Current research in the Adronov Group focuses on the synthesis of new building blocks for the assembly of novel polymer structures and architectures. While the goal is to develop a fundamental understanding of nanoscale assemblies of polymers, the individual research projects are geared toward specific applications. These applications include next-generation nano electronics, nano-scale sensors, and dendrimer-based therapeutic and diagnostic agents. A significant focus of researchers in the group includes organic synthesis of new and interesting building blocks for the assembly of novel polymers. This synthetic effort is complemented with detailed characterization of the synthesized compounds, and the properties of polymer products. The progression from design to synthesis, characterization, and application of our materials provides well-rounded training to group members, allowing them to develop creativity, competence, and a broad understanding of their field.
Conjugated Polymers and Carbon Nanotube Functionalization
Conjugated polymers have been shown to interact strongly with single-walled carbon nanotubes (SWNTs) via supramolecular π-stacking. This is advantageous because polymer adsorption on the SWNT surface imparts solubility to the complex without adversely affecting the intrinsic properties of the nanotubes. In addition, the polymer structure can be synthetically manipulated to impart functionality and/or reactivity to the overall complex, as well as the ability to differentiate between different nanotube types, such as semiconducting and metallic SWNTs. Recent work in our group has focused on the design of polymers that are uniquely selective toward either semiconducting or metallic SWNTs, which represents an area of active current research (see our review in Chemical Science). We continue to work on the development of new polymer structures, with enhanced selectivity for different SWNT species, that can be prepared and used on large scale.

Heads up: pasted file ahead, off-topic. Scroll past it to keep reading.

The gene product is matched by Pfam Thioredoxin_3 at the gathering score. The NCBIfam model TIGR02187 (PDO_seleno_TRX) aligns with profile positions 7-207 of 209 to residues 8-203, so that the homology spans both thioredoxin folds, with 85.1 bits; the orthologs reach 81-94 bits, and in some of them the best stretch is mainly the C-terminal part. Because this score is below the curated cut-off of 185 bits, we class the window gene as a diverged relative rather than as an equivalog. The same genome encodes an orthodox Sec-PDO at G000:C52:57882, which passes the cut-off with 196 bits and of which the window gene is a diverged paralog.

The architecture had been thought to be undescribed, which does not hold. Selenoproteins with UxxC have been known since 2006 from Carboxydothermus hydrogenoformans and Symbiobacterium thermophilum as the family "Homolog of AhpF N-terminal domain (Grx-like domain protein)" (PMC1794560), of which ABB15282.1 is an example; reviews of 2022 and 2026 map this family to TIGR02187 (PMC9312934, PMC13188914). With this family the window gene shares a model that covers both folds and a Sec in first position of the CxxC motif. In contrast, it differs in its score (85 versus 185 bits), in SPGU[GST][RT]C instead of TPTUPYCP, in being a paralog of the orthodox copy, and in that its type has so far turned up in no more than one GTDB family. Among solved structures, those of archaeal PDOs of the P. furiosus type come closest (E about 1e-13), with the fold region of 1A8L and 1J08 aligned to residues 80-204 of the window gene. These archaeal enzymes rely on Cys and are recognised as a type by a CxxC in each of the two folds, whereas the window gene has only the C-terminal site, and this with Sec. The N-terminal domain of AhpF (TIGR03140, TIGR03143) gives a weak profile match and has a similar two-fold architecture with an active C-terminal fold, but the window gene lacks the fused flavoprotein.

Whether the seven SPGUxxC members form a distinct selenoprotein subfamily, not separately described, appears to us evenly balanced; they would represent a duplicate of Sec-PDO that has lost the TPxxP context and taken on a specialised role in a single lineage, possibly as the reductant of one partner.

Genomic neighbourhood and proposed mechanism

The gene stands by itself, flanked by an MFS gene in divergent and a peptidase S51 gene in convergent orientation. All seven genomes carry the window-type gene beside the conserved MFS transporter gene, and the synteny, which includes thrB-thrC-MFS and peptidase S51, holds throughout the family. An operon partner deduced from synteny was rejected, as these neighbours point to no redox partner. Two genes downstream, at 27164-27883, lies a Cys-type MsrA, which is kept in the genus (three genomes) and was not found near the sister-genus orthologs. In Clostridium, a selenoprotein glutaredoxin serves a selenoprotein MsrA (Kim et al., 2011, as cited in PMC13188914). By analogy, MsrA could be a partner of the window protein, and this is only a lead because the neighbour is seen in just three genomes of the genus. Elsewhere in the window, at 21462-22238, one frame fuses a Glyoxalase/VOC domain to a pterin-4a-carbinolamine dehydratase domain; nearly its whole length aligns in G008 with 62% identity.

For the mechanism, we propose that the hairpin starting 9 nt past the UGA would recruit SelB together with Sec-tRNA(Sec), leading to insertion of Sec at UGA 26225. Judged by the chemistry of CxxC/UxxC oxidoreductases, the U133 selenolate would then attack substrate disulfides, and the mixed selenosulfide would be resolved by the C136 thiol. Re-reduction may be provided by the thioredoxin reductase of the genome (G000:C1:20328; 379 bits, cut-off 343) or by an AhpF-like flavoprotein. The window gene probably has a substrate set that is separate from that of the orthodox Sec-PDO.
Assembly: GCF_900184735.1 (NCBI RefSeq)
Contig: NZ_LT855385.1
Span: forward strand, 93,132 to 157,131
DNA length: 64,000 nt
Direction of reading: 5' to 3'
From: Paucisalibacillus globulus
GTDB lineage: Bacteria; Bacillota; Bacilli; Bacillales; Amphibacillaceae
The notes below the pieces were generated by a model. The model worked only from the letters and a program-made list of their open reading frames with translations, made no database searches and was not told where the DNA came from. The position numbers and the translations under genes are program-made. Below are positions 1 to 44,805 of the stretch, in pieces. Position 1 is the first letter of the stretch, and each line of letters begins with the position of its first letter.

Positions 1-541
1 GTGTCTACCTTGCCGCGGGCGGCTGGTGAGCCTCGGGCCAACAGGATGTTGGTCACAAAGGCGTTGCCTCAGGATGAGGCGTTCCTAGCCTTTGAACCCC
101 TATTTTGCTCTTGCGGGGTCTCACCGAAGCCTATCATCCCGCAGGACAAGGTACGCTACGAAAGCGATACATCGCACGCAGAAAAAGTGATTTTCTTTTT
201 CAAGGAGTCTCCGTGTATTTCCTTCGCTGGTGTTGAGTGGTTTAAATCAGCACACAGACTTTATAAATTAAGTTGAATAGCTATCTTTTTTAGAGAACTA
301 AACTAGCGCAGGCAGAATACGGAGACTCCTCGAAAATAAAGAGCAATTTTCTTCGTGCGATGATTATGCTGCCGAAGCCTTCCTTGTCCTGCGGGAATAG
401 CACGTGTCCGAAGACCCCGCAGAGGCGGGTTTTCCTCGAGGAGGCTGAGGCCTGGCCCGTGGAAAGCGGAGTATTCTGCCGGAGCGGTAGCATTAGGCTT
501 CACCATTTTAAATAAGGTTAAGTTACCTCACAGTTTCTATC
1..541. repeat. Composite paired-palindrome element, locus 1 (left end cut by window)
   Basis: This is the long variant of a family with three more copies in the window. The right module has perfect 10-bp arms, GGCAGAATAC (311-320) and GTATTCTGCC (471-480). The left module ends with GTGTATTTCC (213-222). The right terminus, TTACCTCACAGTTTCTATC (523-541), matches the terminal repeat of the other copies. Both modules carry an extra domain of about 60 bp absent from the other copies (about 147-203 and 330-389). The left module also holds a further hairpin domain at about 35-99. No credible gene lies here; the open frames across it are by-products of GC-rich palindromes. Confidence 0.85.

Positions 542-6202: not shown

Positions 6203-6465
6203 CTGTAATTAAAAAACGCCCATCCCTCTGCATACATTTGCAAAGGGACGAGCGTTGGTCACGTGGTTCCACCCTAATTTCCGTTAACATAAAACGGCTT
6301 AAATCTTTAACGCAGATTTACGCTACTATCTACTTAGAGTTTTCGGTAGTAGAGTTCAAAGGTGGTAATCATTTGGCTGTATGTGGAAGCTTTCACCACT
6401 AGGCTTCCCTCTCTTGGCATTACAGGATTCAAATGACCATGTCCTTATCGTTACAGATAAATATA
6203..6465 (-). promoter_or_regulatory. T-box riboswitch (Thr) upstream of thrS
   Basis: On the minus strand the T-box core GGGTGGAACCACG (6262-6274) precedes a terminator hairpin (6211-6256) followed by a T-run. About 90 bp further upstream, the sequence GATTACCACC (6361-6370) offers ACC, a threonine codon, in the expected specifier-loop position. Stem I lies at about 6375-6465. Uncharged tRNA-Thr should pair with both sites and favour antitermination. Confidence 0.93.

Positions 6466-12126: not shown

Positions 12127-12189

New Polymer Structures
Post-polymerization functionalization of conjugated polymer backbones is challenging as it is difficult to introduce reactive functionality within a conjugated system. We have recently focused significant attention on the preparation of polymers that incorporate reactive groups within their backbone, allowing the elaboration of conjugated polymer libraries in which all members of the library have the same average length. For example, we prepared a polyimine structure with cyclooctyne-containing repeat units that can undergo strain-promoted cycloaddition chemistry with azides. This allows investigation of structure-property relationships without the need to consider molecular weight differences of the polymers. This has recently proven valuable in evaluating the ability of different polymer structures to disperse carbon nanotubes. We are currently continuing our efforts to develop and take advantage of new polymer structures with latent reactivity along their backbone.
Dendrimers are a class of polymers that are precisely synthesized, monodisperse, and can exhibit a large number of functionalizable end-groups. This multivalency of dendrimers makes them attractive scaffolds for drug delivery applications, as a high loading of pharmacophores can be achieved on each structure. In addition, if the pharmacophore is incorporated within the interior of the dendrimer, the periphery of the macromolecule can be tailored for solubility and specific targeting functions. Our work focuses on the preparation and functionalization of aliphatic polyester dendrimers, which are promising for therapeutic applications because they have previously been shown to be water-soluble, biocompatible, non-toxic, and biodegradable. In collaboration with the group of Prof. J. Valliant and the Centre for Probe Development and Commercialization (CPDC), we have been developing macromolecular, dendrimer-based, radioimaging agents. Using 99mTc as the radionuclide and a bis(pyridyl) amine ligand at the dendrimer core, a series of high-generation aliphatic polyester dendrimers have been prepared and fully characterized. Their well-defined structure, high purity, and single-site radiolabeled structure produced clinically relevant imaging agents that could be evaluated in vivo using single-photon emission computed tomography (SPECT). This work represents early stages in the development of a dendrimer family that can house a therapeutic payload, be targeted to specific disease sites through peripheral modification, and be monitored in real-time upon injection into, perfusion through, and elimination from preclinical models and, ultimately, patients.